Donald A. Marchand is Professor of Strategy Execution and Information Management at IMD Business School in Lausanne, Switzerland. The use of a middle initial gives the game away; he's American, but I can't hold that against him. He's really cool, intellectually speaking.
I first came across him in the late 1990s, when he was undertaking an extensive scientific study called 'Navigating Business Success' on the the effective use of information, people and IT capabilities in improving business performance. It was the first time I'd seen someone scientifically link people, process, IT and competitive advantage together. I was hooked.
His findings were published by Oxford University Press in 'Information Orientation: The Link to Performance' (2001) and John Wiley and Sons in 'Making the Invisible Visible' (2001). If you don't have the time or patience to read a book, try the MIT Sloan Management Review summary.
The Information Orientation framework he developed is a diagnostic tool for measuring and evaluating the strengths and weaknesses of a organisation's information capabilities. The concept is simple (with hindsight), and ties together how an organisation deals with its technology, how it identifies, collects and uses its information, and what is acceptable behaviour in relation to that data.
I was lucky enough to be taught by Professor Marchand during my EMBA in 2004. One case we studied was CEMEX, a Mexican cement company, who used high tech solutions and the behaviours and values of its people to outstrip its competitors in a traditionally low tech industry. Another case was Dell, who achieved massive competitive advantage in a commodity industry through knowledge creation and information flow among its employees, customers and suppliers.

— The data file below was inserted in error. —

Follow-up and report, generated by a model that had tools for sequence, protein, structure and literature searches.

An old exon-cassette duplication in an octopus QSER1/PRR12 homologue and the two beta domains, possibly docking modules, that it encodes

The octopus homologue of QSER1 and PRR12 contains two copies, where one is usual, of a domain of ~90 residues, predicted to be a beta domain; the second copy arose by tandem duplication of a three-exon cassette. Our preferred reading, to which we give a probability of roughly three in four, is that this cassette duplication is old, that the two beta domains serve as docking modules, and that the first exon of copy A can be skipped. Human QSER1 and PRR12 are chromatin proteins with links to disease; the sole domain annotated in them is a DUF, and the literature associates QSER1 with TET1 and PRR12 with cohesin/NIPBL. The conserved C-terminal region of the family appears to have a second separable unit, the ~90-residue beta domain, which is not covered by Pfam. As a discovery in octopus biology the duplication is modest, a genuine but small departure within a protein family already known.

Schizophrenic IT organisations
I recently came across his latest publications on the changing role of the IT organisation, and again it struck a chord.
IT organisations are being asked, if not commanded, to undertake more projects and deliver faster results with less resources than ever before. You can blame the recession, but this is a trend that isn't going to reverse any time soon.
Just look at the recent popularity of the Scrum development method in which Executives expect results in weeks instead of years.
The CIO has been catapulted from someone the rest of the Board tolerated as long as he didn't speak until spoken to, to someone holding centre stage in the organisation's fight for survival and competitive advantage.
The IT organisation has recently had additional roles thrust upon it, whether it likes it or not:
- the Developer, automating processes and enabling communication through IT solutions. This is the traditional role of the IT organisation;
- the Broker, acquiring products and services, and if necessary assembling these to fulfil the demands of the business organisation. This role has developed as the Business discovered that it could source IT components outside the organisation, but still needed integration if these were ever going to work;
- the Value Generator, providing business advantage through the deployment of innovative IT and the associated change in behaviours and mindsets. This is a relatively new phenomena, and one that is often driven by mavericks who see not only the facilitary value of IT, but the positive effect of its disruptive value too. Opportunity is the counterpart of Risk.
Professor Marchand argues that "this is giving rise to a schizophrenic IT organization. One side is focused on running global infrastructure and implementing big-system-application programs over three to five years, where the emphasis is on compliance, security, reliability, and effective 24/7 operations. The other side is focused on “making IT happen” rapidly without the complex plans and multi-year rollouts that have been institutionalized in large IT organizations."
He argues that these roles should not be considered as belonging just to the IT organisation, as is generally currently the case, but as something that permeates all parts of an organisation. The roles are a set of connected behaviours, obligations, beliefs and norms that will affect a broad range of managers and staff in an organisation. "The challenge is to reconfigure resources and accountabilities across the organization to meet the remit of these roles."
So basically, if you think the past few years in IT have been tumulutous, hang on to your hats. There are stormy seas coming, but those who learn to navigate them will have rich pickings.
Read more on Professor Marchand and IMD.